Seafood Guide - Shellfish

Brown Crabs

Brown Crabs

Cocks (males) contain more white meat than Hens (females) and are preferred by Chefs. To identify them, Cocks have larger claws and their tail flap is narrower and more pointed. Cocks range in

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Clams

There are several varieties of Clam; all are round and stone-like except the Razor Clam – so called because it resembles a cut throat razor. Amande, Hardshell, Venus and Razor Clams are the most

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Cockles

Very similar to Clams and can be cooked in the same ways.

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Crayfish

Crayfish

This freshwater crustacean looks like a small Lobster – averaging 10cm / 55g. The tail meat is succulent with a Prawn-like texture and a lovely sweet taste. European wild Crayfish are almost

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Langoustines

Langoustines

As nice as a basket of scampi and chips is, it is not the best use of this superb species. Also known as Dublin Bay Prawns, Nephrops and Norwegian Lobster, Langoustines vaguely resemble a large

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Lobsters

Lobsters

You can’t beat the wow factor when serving a whole cooked lobster to your table. Native Lobsters are from coastal waters around the UK and are often considered the best, but are usually all sold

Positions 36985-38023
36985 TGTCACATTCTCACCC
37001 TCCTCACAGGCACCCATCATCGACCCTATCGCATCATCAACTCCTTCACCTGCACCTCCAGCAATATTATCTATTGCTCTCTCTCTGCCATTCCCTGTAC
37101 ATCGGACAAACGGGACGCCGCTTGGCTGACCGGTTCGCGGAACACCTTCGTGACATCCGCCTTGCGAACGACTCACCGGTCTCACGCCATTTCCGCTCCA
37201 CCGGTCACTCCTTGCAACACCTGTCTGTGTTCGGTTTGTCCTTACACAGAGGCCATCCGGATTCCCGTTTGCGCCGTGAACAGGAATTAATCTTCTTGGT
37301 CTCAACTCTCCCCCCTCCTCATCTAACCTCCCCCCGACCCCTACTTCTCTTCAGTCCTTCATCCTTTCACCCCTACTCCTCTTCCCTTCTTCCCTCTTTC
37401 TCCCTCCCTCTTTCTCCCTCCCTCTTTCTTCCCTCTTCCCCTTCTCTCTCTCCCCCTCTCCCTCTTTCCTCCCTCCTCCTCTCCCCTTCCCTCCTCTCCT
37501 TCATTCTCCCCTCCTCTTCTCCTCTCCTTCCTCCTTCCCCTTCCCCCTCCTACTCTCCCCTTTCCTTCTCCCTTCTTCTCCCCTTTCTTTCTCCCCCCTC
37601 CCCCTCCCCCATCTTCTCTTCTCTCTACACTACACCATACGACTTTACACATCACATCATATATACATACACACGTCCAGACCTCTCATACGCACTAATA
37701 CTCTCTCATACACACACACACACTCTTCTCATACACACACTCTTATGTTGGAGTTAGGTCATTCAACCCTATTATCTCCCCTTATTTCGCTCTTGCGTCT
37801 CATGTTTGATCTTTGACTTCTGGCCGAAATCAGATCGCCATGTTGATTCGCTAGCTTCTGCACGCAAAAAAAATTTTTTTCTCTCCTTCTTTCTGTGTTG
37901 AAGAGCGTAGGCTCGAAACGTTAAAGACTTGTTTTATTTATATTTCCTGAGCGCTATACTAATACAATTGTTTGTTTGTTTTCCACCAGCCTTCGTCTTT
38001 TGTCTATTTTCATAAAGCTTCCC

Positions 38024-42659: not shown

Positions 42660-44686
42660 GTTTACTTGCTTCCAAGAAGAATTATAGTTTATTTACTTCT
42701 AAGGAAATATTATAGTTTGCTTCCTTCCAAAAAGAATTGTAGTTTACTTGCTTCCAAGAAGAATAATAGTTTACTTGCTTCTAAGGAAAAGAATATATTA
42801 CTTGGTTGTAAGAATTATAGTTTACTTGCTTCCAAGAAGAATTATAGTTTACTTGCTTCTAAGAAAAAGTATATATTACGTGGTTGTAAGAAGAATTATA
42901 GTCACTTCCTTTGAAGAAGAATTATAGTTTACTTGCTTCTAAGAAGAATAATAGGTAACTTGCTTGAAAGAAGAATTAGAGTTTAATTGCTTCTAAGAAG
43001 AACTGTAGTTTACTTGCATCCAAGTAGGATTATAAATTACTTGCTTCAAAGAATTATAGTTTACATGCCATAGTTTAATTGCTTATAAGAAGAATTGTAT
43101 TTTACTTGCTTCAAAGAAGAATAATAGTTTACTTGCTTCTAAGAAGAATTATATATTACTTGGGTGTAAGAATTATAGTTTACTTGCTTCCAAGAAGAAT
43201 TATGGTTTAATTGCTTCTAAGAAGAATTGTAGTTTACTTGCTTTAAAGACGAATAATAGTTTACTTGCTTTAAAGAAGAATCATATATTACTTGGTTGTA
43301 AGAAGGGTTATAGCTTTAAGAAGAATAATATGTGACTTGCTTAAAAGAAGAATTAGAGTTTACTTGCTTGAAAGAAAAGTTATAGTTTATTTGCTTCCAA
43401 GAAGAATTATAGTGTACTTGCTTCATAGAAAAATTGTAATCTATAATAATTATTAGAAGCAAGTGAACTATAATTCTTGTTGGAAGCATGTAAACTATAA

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Mussels

Mussels

Rope grown Mussels are cultivated on suspended ropes, which ensures they don’t touch the seabed and pick up grit and barnacles. Their bluish-black shells are thinner as they are grown in

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Oysters

Oysters

There are three main varieties available in the UK – Native, Pacific (or Rock Oysters), and Portuguese. The Native Oyster (available from September to April) is considered the best, but takes

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Prawns & King Prawns

Prawns & King Prawns

A large proportion of the ‘fresh’ Prawns you will find in the marketplace are actually defrosted frozen Prawns. We can get genuine fresh Prawns if that is what you require, but recommend you

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Scallops

Scallops

The attractive fan-shaped shells contain translucent off-white meat wrapped with a bright orange roe or coral, which has a different taste and texture. The membrane, grey-brown frill and black

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Rock Lobsters/Crawfish

A seawater species also known as Spiny Lobster and regularly confused with Crayfish, Rock Lobsters can grow larger than Lobsters. They have a Lobster’s shape but no large claws, and only the

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Whelks & Winkles

Whelks & Winkles

Both are uni-valves with ribbed spiral shells and a similar appearance to a snail. They can grow up to 12cm. The meat is juicy with a strong flavour, and a chewy texture. Whelk meat is often sold

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Slipper Lobsters

Unusual looking and bearing little resemblance to what we recognise as a Lobster, Slipper Lobsters – or Bugs as they are known in Australia – don’t have claws so all the meat is in the tail.

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